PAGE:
Global reduction in fertility – What’s going on?

In two upcoming papers Oskar Burger and colleagues are furthering our understanding of fertility behaviour, how it changes, and what it might do in the future. Both papers address the theme of the the historical reduction in the number of births per woman (so called “demographic transition”).  This began in 19th Century England and is ongoing worldwide.

In the first paper, Oskar and Daniel Hruschka of Arizona State University examine how the variation in fertility changes during a general overall decline. Many investigations have looked at changes in the average fertility behaviour, and have usually focused on national or county-level data. Hruschka and Burger however analyse individual-level data from the Demographic and Health Survey, looking at fertility data on women from 92 low- and middle- income countries. They show that a great deal of the variation among individuals is due to chance  rather than to measurable individual differences. This means that chance might have more to do with fertility outcomes than characteristics such as education or wealth.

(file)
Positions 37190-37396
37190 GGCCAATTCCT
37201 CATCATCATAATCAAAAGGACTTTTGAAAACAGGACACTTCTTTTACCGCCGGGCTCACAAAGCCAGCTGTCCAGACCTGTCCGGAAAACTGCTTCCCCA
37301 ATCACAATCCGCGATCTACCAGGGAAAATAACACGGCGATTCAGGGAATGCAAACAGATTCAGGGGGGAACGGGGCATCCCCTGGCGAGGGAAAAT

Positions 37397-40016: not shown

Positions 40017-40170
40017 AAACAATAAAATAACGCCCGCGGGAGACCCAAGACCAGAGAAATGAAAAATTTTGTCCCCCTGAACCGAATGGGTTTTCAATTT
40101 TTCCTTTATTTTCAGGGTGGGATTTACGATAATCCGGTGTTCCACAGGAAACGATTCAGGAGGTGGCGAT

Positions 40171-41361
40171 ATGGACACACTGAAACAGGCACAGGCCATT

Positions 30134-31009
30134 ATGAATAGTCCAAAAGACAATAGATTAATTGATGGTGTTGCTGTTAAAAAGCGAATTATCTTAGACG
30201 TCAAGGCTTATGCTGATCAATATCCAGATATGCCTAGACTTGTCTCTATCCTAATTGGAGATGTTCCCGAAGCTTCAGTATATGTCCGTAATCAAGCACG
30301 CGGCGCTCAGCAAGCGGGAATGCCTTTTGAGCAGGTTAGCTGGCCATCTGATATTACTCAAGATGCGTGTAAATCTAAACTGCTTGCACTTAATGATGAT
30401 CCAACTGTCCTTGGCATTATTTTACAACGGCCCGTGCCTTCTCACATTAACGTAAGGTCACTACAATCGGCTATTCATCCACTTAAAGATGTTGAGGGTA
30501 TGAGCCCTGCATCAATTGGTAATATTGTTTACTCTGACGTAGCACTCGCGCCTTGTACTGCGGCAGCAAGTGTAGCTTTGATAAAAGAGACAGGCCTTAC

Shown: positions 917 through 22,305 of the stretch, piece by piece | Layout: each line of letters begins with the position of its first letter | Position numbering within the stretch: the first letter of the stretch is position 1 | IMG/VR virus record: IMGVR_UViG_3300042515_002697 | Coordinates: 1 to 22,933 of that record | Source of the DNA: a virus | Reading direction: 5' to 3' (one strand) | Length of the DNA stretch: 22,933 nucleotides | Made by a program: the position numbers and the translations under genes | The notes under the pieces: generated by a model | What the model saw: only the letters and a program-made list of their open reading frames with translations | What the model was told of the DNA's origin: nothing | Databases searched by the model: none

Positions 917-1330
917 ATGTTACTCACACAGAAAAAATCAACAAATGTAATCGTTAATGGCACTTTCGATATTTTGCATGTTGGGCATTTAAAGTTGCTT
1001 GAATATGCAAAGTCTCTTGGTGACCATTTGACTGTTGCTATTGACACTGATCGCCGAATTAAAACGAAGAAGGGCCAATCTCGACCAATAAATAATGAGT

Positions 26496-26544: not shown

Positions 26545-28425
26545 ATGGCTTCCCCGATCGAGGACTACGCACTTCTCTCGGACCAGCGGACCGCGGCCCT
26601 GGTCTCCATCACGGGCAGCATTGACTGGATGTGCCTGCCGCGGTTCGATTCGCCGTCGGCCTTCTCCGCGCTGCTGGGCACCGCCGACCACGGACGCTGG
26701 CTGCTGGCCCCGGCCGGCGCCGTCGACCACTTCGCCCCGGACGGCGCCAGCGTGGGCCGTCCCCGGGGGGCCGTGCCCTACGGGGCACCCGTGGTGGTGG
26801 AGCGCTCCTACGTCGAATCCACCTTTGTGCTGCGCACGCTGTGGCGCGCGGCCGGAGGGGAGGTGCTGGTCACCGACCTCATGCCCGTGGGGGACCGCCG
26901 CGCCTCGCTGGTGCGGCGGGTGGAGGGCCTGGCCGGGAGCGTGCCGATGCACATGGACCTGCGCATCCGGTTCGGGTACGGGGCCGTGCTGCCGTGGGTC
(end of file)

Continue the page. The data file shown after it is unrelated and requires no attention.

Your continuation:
In the second paper, Oskar and John DeLong of the University of Nebraska, address the pressing topic of projecting population sizes of the future. They specifically question a common assumption that once a population begins the fertility decline, that the process is irreversible. This assumption is based on basic observations of population history, but Burger and DeLong point out that such an assumption is suspect from an evolutionary point of view. They provide five propositions based on evolutionary and ecological principles that suggest fertility might increase in the future. The five propositions are based on the following: 1) genetic change occurring from natural selection; 2) the difficulty of maintaining cultural norms that are at odds with evolutionary pressure, especially across an uncertain and complex future; 3) the adjustments of institutions that lower the costs of childbearing; 4) the influence of wealth inequality on both culture and the distribution of energy; and 5) the problem of meeting the escalating demands of a growing modernized and affluent population.